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He points out the wide green leaves of the mallow plant, called hubeza, whose root is the original source for marshmallow. The ancient Egyptians would squeeze the sap out of the root and sweeten it. Basson uses the leaves in a popular salad in his restaurant. During the siege of Jerusalem in the War of Independence when food supplies were scarce, women gathered the vitamin-filled wild mallow leaves, he says, and used them in cooking, turning them into everything from salads to soups to fried patties.
A few years after that war, in 1951, Basson came to Jerusalem as a child with his family. Refugees from Iraq, they lived in an aluminum hut. His father planted a garden for vegetables and herbs and kept chickens. The family purchased a bakery in the nearby Arab village of Beit Safafa.
Most of the bakery’s ovens churned out challah, pita and baguettes. But Basson was riveted by what was baked in the one oven set aside for Arab villagers: “They brought in za’atar, sumac, wild garlic, beet leaves, wild spinach and lamb fat, and would create samosas and pitas with them. I went crazy for the scents.” He began learning about plants and herbs in the wild from local Arab goatherds, who used the fields as their buffet table.
In 1986, his brother opened a simple diner near their Jerusalem home. Two years later, Basson took it over and renamed it Eucalyptus, after the tree he had planted on the site. He began to use the restaurant as a laboratory for his interest in local food and its biblical history. He chatted with customers about food and Jewish history and culture and kept a basketful of leaves and plants in the restaurant to show diners the origins of their meals, which he still does today. The restaurant and its unique sources of ingredients drew national attention. The journalist Eli Tavor went so far as to write that “what Ben-Yehuda did for the Hebrew language, Moshe Basson has done for food.”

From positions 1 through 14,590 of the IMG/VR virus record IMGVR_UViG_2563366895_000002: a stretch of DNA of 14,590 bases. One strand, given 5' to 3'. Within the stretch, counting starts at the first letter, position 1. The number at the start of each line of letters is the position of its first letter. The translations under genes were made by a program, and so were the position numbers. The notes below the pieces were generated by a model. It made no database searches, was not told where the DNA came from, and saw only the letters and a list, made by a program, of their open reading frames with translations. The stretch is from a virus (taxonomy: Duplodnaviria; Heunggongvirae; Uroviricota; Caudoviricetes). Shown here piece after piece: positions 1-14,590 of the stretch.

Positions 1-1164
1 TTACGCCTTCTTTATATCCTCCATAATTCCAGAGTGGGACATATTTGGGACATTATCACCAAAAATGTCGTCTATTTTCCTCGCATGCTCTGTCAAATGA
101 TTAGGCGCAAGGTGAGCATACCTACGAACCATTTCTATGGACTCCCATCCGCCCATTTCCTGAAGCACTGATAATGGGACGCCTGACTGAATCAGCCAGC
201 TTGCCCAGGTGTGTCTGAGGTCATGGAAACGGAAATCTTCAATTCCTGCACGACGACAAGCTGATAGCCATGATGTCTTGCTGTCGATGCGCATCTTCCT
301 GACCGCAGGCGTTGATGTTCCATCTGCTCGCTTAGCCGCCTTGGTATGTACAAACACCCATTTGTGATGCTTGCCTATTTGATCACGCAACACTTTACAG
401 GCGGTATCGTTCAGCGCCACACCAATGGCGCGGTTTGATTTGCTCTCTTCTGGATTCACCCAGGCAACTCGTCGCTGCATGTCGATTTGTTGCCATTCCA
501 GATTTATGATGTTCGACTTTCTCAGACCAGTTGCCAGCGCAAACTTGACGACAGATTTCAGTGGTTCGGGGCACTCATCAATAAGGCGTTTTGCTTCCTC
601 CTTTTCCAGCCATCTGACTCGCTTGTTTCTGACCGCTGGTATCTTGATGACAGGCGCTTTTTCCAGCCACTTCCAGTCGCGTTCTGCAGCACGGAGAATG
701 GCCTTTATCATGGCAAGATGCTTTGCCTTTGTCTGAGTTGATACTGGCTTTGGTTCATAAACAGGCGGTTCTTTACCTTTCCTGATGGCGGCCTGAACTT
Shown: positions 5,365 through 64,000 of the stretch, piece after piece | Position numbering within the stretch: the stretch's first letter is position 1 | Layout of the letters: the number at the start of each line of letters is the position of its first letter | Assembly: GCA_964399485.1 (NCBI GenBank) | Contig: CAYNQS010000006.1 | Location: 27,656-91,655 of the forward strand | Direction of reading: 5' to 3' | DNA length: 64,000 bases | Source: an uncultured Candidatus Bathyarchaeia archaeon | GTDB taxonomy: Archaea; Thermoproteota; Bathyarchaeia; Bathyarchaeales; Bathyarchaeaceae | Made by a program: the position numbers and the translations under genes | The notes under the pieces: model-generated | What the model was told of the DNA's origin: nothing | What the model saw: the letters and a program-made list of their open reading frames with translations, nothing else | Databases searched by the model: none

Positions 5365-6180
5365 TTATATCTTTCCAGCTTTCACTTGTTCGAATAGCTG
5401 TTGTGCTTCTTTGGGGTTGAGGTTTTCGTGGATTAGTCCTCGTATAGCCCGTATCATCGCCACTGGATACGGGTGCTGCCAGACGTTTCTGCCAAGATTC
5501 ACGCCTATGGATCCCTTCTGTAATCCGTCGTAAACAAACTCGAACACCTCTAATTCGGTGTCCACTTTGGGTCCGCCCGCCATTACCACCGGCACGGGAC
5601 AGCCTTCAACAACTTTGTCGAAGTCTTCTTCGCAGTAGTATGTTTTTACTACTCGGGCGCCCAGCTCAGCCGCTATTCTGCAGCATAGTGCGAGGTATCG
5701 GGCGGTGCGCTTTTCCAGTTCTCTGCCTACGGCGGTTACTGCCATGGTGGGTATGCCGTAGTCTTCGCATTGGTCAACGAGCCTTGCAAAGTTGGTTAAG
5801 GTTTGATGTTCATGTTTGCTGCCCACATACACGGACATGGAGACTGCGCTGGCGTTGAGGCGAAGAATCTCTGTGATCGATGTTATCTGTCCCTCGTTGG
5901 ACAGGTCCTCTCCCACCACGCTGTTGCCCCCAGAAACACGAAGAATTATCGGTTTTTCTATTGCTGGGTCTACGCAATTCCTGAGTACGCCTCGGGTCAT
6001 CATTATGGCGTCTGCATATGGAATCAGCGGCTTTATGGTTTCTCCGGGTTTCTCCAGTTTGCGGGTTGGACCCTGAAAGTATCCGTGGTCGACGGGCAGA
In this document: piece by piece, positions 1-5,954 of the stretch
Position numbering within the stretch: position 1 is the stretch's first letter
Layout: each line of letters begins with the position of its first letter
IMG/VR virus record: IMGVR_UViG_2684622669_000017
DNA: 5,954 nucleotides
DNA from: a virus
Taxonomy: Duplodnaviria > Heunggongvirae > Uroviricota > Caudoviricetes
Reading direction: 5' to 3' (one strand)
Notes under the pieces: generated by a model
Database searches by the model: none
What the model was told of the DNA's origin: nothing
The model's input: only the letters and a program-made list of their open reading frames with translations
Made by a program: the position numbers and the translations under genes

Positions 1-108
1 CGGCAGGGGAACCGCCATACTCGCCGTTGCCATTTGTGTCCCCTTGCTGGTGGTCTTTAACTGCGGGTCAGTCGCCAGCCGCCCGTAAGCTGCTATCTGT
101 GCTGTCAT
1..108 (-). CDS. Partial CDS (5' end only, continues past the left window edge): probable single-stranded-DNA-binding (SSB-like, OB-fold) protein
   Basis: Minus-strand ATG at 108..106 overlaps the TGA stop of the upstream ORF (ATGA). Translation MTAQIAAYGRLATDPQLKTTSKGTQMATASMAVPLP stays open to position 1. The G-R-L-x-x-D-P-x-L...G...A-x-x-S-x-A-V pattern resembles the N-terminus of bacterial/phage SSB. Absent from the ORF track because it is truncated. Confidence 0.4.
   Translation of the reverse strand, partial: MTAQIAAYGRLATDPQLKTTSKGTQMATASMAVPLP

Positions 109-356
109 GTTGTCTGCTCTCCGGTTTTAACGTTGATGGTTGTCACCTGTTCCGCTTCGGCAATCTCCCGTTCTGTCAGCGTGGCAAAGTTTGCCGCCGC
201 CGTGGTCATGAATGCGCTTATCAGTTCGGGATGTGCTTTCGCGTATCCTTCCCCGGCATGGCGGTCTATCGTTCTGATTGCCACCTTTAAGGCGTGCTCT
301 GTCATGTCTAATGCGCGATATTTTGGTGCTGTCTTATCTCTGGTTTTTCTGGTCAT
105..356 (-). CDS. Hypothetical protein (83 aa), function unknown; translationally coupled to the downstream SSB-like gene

A few days after our foraging trip, I made the pilgrimage to Eucalyptus. Basson was wearing his Chefs for Peace jacket, which he wears daily. He was a founding member of the organization, whose mission is “for peaceful coexistence and culinary excellence.” Despite living in the West Bank, he has Arab friends and colleagues. Basson uses his profession to spread a message of coexistence. “It’s the natural way of food,” Basson said. “It brings people together.”
This sentiment is echoed in some of his dishes, which reflect Arab culinary influences. From his tasting menu I try the Jerusalem sage leaves. They are indeed softer and more flavorful than grape leaves when stuffed with rice and herbs. The hubeza salad made with the native mallow plants, combined with whole chickpeas is delicious — similar to spinach, but with an extra kick in each bite. The standout among the main courses is Basson’s famous maglubeh, a native Palestinian casserole made with chicken, rice and thinly sliced potatoes, all cooked in a huge pot that is turned upside-down dramatically in the dining room before serving.
Basson’s philosophy has been unchanging throughout his career. “I really believe that [foraging] opens people’s minds and can influence thinking,” he said. “I don’t just forage for food. I forage for recipes and… stories. I always try to pass it forward. It’s a natural process. I laugh when people ask me about my secrets. I don’t believe in secrets. I believe in sharing.”
Allison Kaplan Sommer is an Israel-based freelance writer and frequent contributor to the Forward.